Jenny Kern, “Now We Know”

At some point in the ‘90s (Tonemama history lessons aren’t going to get more specific than that) a couple of Swedes shouted “Eureka!” in their pop-lab. They had come up with a formula, the formula. Fast forward slightly to the early 2000s and pop music is thriving as a result. Remember that glorious time in pop  music, Tonemillers? Yes we had super stars like the Britney bish, Shakira Shakira, Jenny from the Block and InSynC, but we also had Nora Jones and Corinne Bailey Rae. Everyone owing some of their success (directly or indirectly), to that dark and stormy night in the Swedish pop-lab. “Okay, Tonemamas, why are you rambling on about a long lost time” you may ask? Because children and adults, today’s feature is someone who has decided to bring this school of pop-music back and now that you’re appropriately educated, we can begin.

Jenny Kern

Canadian-born, New York-based, singer-songwriter Jenny Kern is contemplating a break-up in her latest single “Now We Know”. There’s an appreciated maturity to Kern’s performance. She sings about a heartbreaking situation, but in a past tense without desperation – “Now We Know” is not about the heartbreak itself, but about coming closer to the point of acceptance about the decision. She guides us through her moment of introspection in a relaxed, breathy and warm that pays tribute to singers like DIDO.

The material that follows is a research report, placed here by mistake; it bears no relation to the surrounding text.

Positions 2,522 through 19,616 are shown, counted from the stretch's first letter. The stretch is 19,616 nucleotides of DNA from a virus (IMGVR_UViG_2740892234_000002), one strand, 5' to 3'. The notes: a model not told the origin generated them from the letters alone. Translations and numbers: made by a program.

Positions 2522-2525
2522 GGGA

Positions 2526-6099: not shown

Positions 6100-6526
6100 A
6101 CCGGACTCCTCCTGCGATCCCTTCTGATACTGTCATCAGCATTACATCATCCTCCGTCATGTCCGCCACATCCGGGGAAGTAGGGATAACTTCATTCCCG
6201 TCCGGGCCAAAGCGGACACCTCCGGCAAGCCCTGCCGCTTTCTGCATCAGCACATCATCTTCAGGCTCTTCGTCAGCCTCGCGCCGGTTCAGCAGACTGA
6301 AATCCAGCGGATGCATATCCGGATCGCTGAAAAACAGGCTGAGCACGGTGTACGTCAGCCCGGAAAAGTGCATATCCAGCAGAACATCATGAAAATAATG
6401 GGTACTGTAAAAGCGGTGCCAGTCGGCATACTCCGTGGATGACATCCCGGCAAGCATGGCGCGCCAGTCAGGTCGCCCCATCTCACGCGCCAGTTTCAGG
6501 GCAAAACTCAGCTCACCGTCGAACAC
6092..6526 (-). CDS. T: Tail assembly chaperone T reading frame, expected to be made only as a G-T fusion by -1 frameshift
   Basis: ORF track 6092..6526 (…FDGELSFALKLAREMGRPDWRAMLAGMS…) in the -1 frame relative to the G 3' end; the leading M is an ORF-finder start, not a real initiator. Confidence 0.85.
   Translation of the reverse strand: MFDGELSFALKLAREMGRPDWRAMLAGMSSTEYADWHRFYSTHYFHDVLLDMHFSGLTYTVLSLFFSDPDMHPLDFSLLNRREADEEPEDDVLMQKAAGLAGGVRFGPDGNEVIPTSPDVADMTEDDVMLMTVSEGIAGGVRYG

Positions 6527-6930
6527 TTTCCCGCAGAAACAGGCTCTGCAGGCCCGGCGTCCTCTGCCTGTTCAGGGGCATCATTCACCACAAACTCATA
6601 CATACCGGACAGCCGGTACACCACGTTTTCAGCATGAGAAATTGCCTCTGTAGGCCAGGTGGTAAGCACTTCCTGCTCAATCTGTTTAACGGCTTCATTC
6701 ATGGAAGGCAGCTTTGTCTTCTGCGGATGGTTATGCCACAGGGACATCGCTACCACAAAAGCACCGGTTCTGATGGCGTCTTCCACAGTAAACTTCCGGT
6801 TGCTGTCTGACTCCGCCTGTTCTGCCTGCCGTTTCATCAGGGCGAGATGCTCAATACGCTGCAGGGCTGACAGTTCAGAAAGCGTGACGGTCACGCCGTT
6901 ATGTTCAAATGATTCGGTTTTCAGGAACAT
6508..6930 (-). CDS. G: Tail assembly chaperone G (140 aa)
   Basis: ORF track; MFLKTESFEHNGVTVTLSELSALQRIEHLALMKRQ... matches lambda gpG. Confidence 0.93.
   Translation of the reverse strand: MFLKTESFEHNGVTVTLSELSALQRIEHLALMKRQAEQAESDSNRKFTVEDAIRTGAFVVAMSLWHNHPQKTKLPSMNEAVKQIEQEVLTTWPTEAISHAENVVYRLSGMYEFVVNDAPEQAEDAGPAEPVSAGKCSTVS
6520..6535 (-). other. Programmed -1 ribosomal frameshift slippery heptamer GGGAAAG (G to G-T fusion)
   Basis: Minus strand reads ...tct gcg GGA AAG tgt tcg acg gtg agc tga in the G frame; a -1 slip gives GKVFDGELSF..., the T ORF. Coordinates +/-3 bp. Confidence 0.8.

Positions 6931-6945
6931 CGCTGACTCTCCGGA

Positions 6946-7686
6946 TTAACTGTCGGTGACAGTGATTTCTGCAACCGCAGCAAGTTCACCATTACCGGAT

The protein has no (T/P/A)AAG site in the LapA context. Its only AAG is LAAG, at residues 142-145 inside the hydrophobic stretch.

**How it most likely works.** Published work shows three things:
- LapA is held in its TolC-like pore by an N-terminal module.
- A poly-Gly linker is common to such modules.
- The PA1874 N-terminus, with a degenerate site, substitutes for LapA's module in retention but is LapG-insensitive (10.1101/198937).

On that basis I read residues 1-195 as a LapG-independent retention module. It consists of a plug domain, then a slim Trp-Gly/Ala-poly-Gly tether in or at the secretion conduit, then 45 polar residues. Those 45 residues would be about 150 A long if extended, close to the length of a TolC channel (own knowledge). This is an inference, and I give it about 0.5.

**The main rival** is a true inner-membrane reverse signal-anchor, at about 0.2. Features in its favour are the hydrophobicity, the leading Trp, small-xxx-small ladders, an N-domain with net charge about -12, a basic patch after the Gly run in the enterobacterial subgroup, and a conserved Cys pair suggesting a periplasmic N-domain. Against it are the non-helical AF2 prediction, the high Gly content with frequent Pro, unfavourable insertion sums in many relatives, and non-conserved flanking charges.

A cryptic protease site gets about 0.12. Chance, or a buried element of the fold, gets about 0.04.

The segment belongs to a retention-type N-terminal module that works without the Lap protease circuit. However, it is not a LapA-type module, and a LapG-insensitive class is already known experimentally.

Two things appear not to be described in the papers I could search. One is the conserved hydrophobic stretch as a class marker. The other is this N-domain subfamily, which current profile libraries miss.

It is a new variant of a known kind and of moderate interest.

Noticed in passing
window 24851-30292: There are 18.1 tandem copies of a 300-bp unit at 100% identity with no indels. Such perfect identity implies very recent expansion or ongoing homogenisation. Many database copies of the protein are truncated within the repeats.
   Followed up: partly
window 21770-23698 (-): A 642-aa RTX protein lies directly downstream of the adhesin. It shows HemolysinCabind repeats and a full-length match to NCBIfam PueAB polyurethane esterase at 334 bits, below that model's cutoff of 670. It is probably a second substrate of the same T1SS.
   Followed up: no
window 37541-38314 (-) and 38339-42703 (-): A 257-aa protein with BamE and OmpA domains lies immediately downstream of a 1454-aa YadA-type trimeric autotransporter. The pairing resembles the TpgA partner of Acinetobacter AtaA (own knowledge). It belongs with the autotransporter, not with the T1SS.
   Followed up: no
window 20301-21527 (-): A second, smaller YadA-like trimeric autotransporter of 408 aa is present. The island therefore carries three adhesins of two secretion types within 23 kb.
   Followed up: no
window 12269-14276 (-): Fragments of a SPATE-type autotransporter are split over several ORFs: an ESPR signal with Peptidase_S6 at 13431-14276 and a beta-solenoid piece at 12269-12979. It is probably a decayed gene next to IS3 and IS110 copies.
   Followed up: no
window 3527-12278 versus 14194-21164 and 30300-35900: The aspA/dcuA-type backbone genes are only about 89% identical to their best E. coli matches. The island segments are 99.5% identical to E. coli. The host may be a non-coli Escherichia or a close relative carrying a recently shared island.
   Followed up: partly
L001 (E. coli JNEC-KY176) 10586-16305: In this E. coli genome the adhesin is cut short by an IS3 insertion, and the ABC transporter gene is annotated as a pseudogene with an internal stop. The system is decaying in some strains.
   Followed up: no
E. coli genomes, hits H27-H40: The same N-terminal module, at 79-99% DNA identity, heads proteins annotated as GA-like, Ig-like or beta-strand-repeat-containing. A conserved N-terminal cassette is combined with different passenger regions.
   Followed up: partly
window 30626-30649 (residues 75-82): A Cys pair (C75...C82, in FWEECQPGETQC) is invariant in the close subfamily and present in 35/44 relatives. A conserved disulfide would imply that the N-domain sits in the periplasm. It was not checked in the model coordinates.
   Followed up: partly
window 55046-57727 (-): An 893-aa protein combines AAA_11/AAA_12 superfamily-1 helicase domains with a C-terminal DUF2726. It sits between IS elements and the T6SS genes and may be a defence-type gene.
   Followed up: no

Now We Know, Jenny Kern

We love this classic throwback production with a tidy arrangement of guitar layers, a simple groove in the classic drum set and bass (yes people… we’re talking about a regular four piece band with some synth layers like it’s a thing of the past – have actual real instruments really become retro?) Another sublime aspect about this production is the form of the song: they’re giving us exactly what we want exactly when we want it. And we want it now, and so should you – head over to your referred streaming platform and hit play to Jenny Kern’s, “Now We Know.”

Listen for: 0:48, when Kern sings “Don’t come around again, is what you say.” She delivers these heart-aching lyrics in a cool and distanced way which makes them even harder to bear. 

Best enjoyed: When you’re having a pretentious moment of acceptance while walking home after an evening of fun that you initially didn’t feel like going to, but then it turned out great – you know what we mean? 

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